Last spring, I heard a terrific talk from Shane Claiborne at the Festival of Faith & Writing. Claiborne, a prominent voice in progressive Christian circles, lives in Philadelphia’s inner city, where he and the other inhabitants of the Simple Way community practice a “new monasticism.”
They value hospitality and communal living, seek to build relationships with those living in their neighborhood, and are concerned with issues around poverty and wealth, power and violence. From the descriptions I’ve read, the Simple Way practices similar values to the Church of the Saviour in Washington, D.C., where I worshiped for most of my 20s. The Church of the Saviour had the unusual distinction of taking both Jesus and social justice seriously. It was a community in which I was comfortable speaking like an evangelical, while voting and approaching social issues like an Episcopalian.
Listening to Claiborne speak back in April about justice and love and how our stories illuminate God’s kingdom, I felt at home. Here was the kind of guy I used to worship with in my earnest urban-dwelling days. His message, his words, and his stories felt intimate, familiar, and inspiring.
That is, except for this one story...
This was, of course, an April Fool's Day joke...
Sojourners CEO Jim Wallis stunned critics and supporters alike Sunday as he emerged from a three-month sabbatical from the progressive Christian social justice organization and announced he had joined the tea party.
Sometimes folks ask me if I’ve spoken at any conferences that I get excited about. I’ll be speaking more than 150 times this next year in about a dozen countries — at all sorts of events from a Spanish speaking conference in Florida to an economic think-tank in DC to schools here in North Philly and 30,000 Lutherans in New Orleans.
This year is going to be a blast. I decided to make a list of a few of the events that are real highlights for me in 2012. They are each unique and innovative, and a couple are in their infancy.
Here they are…Five Great Gatherings in 2012:
12. Do something really nice – that no one knows about.
11. Spend more money on other people than I spend on myself. Love my neighbor as I love myself. And love myself as I love my neighbor.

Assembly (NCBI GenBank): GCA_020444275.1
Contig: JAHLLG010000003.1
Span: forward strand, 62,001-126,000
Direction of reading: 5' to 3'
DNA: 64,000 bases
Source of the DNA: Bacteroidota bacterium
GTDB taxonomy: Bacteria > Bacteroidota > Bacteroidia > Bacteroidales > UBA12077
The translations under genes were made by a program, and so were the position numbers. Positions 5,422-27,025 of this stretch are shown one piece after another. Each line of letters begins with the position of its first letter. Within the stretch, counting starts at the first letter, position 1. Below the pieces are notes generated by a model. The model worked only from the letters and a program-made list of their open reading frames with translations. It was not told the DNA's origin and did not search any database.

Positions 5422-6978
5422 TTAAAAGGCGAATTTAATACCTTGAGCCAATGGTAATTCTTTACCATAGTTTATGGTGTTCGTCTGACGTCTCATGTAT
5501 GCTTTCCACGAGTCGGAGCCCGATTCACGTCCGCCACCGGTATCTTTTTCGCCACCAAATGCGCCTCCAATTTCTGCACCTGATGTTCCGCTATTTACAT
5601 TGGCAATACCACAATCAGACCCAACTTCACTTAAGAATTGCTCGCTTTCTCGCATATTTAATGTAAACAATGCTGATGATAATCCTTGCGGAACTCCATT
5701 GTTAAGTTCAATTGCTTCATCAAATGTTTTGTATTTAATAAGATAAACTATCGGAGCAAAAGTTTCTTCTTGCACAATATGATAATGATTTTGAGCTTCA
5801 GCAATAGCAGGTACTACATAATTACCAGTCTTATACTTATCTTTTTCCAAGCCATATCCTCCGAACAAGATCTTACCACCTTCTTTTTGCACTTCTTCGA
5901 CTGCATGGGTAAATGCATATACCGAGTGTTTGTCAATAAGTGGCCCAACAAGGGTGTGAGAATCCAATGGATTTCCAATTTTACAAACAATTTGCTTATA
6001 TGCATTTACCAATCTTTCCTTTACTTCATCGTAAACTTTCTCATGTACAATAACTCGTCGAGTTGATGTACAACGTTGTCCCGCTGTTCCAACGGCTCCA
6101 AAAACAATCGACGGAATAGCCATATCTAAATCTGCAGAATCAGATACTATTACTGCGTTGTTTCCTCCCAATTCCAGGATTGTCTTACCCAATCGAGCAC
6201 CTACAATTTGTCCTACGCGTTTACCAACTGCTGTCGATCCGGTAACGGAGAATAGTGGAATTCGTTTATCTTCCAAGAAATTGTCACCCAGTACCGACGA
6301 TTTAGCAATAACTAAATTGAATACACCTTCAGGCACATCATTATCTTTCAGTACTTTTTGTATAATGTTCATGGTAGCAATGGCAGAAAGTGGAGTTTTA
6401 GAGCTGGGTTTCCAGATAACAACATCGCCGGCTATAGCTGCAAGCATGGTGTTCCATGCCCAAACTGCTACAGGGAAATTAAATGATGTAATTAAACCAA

10. Laugh often… especially at advertisements that try to convince me that I must buy more stuff in order to be happy.
You won't want to miss the great profile of our friend Shane Claiborne and the New Monastics in Huffington Post's Religion section. HuffPo's religion editor Paul Raushenbush tells the story of Shane and his brothers and sisters in The Simple Way spiritual community in Philly.
"I often say I was drafted by injustice," explains Shane Claiborne, one of the founders of The Simple Way, a Christian community located in North Philadelphia. Tall, thin, with dreadlocks and a ready smile, Shane shares with me the religious experience that changed his life.
In the late 1990s, a group of homeless families squatting in an abandoned cathedral in Philadelphia were threatened with eviction when the local diocese decided to sell the property. The homeless community hung a banner outside the cathedral that asked: "How can you worship a homeless man on Sunday and evict him on Monday?"
North Korean Leader’s Nukes, Threats Stoked World Fears; Extension of Tax Cut Stalls in House as GOP Objects; Christian Group Recalls Pink Bible; For Times Such As These: The Radical Christian Witness of the New Monastics; ‘People’s year’ gives hope that the tide is turning; Speaker targets immigration law; Vaclav Havel, Czech’s Velvet Revolution Leader, Dead at 75; Paul Leads Iowa, Gingrich drops to 3; Mitt Romney’s Dream World: Cutting Billions Out of Medicaid Will Not 'Hurt the Poor'.
“I wore chains just like these for over six years, a burden too great to bear for many like me, who stood ready to do violence in the name of the American people and way of life. In Genesis, Cain was the first person to have killed another human being, and we’ve been doing it ever since. As punishment, Cain was sentenced to a life of wandering, a burden he claimed was too great to bear.
"After the towers fell a decade ago, I reenlisted and was deployed overseas with an infantry platoon for Operation Iraqi Freedom in 2004. Wandering the Mesopotamian wilderness like Cain before me, I saw things nobody should ever have to see. My heart hardened in the desert heat like the mud bricks I watched cure in the Iraqi sun.
"After coming home, I found war had infected my mind. Images and memories from Iraq would haunt my dreams and invade my thoughts. Not too different from the suffering endured by American and Iraqi families who have lost someone to war, I too lost someone on the field of battle – myself. I had sacrificed more than I bargained for, a lifetime of mental health and well-being forever crushed by the heavy yolk I bore as a combat soldier."